extend to Zone Cabs.
During the period at issue, Cabs and Zone Cabs had other insurance
coverage. In August 1998, Paratransit issued a policy to Cabs specifically
covering the Zone Cabs operation. The policy covered Zone Cabs taxi fleet of
over 100 vehicles and charged $108,946 in annual premiums for the 199899
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policy year. In addition, however, the policy included an excess coverage


exclusion, which provided [i]f, but for the insurance afforded by this policy, the
Insured would have other insurance against a loss otherwise covered hereby, the
insurance afforded by this policy shall be excess over such insurance. The Form
E filed with the PUC to reflect the Paratransit coverage also listed the named
motor carrier as Cabs, Inc. dba Zone Cabs, Inc. and/or Centennial Sedans, Inc.
III. The Accident
In February 1999, Anh Lan Nguyen was seriously injured when struck by a
Zone Cabs taxi on a Denver street. Through a conservator, Nguyen sued Cabs,
Zone Cabs, and the driver of the taxi for personal injuries. Cabs and Zone Cabs
sought insurance coverage from Paratransit. In May 2000, they also asked
Hartford to provide defense costs and indemnity coverage on the Nguyen claim
based on the inclusion of Zone Cabs as a named insured on the policy issued by
Hartford to Centennial. Hartford denied coverage.
Hartford, however, later offered to participate in a settlement agreement
with Nguyen because of concern that Plaintiffs and Nguyen might otherwise enter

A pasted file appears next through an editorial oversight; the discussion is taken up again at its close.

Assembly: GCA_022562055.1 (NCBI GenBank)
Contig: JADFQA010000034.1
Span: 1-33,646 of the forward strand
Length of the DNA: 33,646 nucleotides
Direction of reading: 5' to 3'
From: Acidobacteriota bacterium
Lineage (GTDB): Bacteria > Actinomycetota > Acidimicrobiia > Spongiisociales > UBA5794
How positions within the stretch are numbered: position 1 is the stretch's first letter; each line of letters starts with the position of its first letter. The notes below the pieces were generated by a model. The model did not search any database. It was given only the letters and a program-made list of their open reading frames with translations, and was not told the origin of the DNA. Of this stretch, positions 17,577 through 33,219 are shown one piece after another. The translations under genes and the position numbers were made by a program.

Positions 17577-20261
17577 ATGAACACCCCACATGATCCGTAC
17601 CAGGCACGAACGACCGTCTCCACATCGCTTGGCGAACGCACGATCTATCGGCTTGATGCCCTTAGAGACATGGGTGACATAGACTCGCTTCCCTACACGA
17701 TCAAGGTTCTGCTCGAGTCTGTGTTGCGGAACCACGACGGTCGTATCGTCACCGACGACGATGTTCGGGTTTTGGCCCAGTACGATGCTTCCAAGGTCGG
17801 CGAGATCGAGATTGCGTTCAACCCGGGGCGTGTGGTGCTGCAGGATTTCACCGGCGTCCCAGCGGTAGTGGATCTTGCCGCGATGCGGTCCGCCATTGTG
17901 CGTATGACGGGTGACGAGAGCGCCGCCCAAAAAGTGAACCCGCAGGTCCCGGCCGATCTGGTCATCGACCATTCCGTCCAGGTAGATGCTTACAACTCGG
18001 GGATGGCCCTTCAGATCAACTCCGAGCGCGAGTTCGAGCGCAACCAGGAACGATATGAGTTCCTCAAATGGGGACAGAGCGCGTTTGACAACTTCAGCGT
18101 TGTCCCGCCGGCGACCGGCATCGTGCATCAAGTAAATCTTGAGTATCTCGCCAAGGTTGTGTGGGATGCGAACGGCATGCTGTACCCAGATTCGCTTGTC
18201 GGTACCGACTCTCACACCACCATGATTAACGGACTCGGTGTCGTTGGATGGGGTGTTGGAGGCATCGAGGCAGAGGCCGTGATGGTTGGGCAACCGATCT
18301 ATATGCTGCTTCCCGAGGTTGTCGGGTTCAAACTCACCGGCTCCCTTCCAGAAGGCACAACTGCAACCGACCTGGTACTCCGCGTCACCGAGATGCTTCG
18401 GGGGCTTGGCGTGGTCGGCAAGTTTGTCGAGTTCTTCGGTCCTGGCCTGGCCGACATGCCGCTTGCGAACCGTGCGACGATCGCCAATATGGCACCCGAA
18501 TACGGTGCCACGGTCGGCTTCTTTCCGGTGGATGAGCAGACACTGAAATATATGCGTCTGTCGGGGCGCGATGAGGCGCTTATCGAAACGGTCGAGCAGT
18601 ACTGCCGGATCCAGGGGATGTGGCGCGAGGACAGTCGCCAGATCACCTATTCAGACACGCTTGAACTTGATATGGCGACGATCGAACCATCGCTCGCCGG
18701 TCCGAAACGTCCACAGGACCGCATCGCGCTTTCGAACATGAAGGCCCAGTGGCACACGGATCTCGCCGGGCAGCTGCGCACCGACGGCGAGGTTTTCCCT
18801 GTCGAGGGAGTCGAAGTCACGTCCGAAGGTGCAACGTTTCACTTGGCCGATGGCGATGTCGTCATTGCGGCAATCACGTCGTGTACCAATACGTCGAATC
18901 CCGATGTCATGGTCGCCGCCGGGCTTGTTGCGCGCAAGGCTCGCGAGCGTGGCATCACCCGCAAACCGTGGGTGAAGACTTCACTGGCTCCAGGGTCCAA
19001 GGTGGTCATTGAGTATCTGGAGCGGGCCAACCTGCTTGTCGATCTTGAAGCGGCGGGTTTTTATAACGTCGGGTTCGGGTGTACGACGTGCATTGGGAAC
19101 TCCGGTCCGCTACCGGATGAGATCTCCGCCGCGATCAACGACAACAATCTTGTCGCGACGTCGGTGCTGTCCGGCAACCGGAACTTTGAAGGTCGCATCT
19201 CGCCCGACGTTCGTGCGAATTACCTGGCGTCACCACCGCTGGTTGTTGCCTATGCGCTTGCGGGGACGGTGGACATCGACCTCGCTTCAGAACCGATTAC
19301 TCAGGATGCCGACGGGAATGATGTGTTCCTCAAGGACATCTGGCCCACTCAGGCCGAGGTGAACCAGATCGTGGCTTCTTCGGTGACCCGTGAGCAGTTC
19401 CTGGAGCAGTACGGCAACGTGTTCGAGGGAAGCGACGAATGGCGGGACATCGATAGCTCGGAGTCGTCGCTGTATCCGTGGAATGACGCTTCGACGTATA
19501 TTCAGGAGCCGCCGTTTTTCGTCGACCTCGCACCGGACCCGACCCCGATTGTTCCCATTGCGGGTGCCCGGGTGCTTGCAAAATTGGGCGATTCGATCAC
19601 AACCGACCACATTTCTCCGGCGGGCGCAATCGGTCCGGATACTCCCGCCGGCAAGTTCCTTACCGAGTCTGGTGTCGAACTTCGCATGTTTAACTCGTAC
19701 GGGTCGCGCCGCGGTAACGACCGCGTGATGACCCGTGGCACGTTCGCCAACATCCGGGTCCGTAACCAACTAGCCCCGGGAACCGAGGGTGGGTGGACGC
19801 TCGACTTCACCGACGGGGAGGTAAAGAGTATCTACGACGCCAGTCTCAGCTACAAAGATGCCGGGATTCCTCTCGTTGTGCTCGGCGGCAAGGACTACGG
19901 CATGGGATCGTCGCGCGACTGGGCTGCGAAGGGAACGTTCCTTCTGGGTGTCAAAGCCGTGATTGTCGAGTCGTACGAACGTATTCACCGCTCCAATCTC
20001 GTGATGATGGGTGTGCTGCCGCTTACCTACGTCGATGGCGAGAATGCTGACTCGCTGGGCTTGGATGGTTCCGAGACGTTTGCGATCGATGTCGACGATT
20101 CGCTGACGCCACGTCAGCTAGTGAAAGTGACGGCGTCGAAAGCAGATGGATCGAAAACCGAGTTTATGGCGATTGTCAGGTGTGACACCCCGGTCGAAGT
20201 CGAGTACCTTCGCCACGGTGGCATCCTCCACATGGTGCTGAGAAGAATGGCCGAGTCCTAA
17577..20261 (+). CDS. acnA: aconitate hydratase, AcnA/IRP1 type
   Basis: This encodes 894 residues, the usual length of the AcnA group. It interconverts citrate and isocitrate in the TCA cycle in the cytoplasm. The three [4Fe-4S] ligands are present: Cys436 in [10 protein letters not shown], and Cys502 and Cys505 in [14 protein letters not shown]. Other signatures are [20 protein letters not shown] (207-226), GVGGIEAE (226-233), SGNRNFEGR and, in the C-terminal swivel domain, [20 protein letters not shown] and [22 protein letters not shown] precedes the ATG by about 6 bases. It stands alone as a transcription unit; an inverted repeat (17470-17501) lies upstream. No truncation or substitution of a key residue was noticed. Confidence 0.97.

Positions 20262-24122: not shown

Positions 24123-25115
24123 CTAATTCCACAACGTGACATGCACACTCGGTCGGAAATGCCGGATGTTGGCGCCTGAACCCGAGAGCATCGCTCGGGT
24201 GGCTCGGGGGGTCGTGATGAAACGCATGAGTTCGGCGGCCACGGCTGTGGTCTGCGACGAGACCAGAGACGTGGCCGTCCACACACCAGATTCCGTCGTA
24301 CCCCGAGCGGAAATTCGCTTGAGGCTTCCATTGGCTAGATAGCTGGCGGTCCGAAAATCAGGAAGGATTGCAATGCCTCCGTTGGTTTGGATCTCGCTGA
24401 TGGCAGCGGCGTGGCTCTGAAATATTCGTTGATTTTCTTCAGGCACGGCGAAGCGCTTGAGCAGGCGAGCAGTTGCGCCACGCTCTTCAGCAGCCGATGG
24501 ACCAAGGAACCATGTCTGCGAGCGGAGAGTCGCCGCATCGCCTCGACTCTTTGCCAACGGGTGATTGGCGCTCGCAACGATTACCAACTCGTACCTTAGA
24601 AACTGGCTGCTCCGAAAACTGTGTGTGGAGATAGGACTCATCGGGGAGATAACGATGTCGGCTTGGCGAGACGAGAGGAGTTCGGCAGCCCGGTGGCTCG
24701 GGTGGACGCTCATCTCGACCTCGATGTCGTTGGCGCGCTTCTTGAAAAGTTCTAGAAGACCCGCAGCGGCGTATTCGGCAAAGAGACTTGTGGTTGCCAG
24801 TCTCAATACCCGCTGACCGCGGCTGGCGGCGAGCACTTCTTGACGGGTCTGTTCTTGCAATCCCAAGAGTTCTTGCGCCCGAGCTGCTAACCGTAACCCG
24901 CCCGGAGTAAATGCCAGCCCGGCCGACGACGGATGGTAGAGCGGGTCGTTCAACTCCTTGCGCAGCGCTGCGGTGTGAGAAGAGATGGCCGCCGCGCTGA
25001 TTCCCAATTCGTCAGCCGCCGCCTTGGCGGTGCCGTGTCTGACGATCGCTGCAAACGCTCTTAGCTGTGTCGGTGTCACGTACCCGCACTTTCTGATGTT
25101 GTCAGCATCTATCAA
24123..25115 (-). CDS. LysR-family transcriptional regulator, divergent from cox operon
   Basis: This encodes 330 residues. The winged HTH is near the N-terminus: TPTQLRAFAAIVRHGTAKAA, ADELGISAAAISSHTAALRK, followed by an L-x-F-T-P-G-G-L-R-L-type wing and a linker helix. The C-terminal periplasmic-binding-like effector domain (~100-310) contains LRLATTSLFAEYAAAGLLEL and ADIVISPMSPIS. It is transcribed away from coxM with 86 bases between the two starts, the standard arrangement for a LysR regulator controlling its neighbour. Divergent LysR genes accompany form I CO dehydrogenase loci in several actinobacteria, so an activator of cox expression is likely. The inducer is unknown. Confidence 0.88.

into a Bashor-type agreement. 2 In August 2000, Hartford sent a settlement offer
A Bashor agreement is a settlement reached between opposing parties
after a judgment has been obtained against the defendant. The prevailing party
agrees not to execute on the judgment in exchange for the defendants agreement
not to appeal the judgment and instead to pursue claims against third parties (and
(continued...)
2

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to Plaintiffs, indicating a willingness to settle all claims that the Nguyens may
have against Cabs, Inc. for $1 million. Hartford partially conditioned the offer
as to Cabs and Paratransit:
this offer may not be viewed or used as a waiver of any policy
defenses or claims that Hartford may have against Cabs, Inc. or
Paratransit (with, of course, the exception of any claim for
reimbursement of the settlement amount paid to the Nguyens). In
essence, the offer is a one shot deal, and Hartford reserves the
right to assert any and all claims and defenses it may have, including
all defenses against any other claims.
In October 2000, Hartford and Plaintiffs settled the Nguyen claim.
Hartford contributed $1 million, the limit of its liability policy. Paratransit also
contributed its policy limit of $500,000. In addition, as an insurer for Cabs and
Zone Cabs, Paratransit paid Nguyen in excess of $100,000 as mandated by the
former Colorado Auto Accident Reparations Act (No-Fault Act), Colo. Rev. Stat.
10-4-701, et seq. (2001) (repealed 2003), as well as defense costs, less a
$50,000 deductible paid by Zone Cabs.
Plaintiffs then demanded that Hartford reimburse them for these no-fault
payments and defense costs. This litigation ensued.

(...continued)
share any recovery with the original plaintiff). Stone v. Satriana, 41 P.3d 705,
707 n.2 (Colo. 2002) (citing Northland Ins. Co. v. Bashor, 494 P.2d 1292 (Colo.
1972)).
2

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IV. The Litigation


In June 2001, Plaintiffs filed suit against Hartford in Colorado state court,
seeking to recover the no-fault sums paid to Nguyen, treble and punitive damages,
and defense costs based on claims of equitable subrogation or reimbursement,
insurance bad faith, breach of contract, and violation of the Colorado Consumer
Protection Act (CCPA). See Colo. Rev. Stat. 6-1-101, et seq.; id. 10-4-701, et
seq. (repealed 2003). Hartford removed the case to federal district court based on
diversity jurisdiction, 28 U.S.C. 1332, 1446, and counterclaimed to have the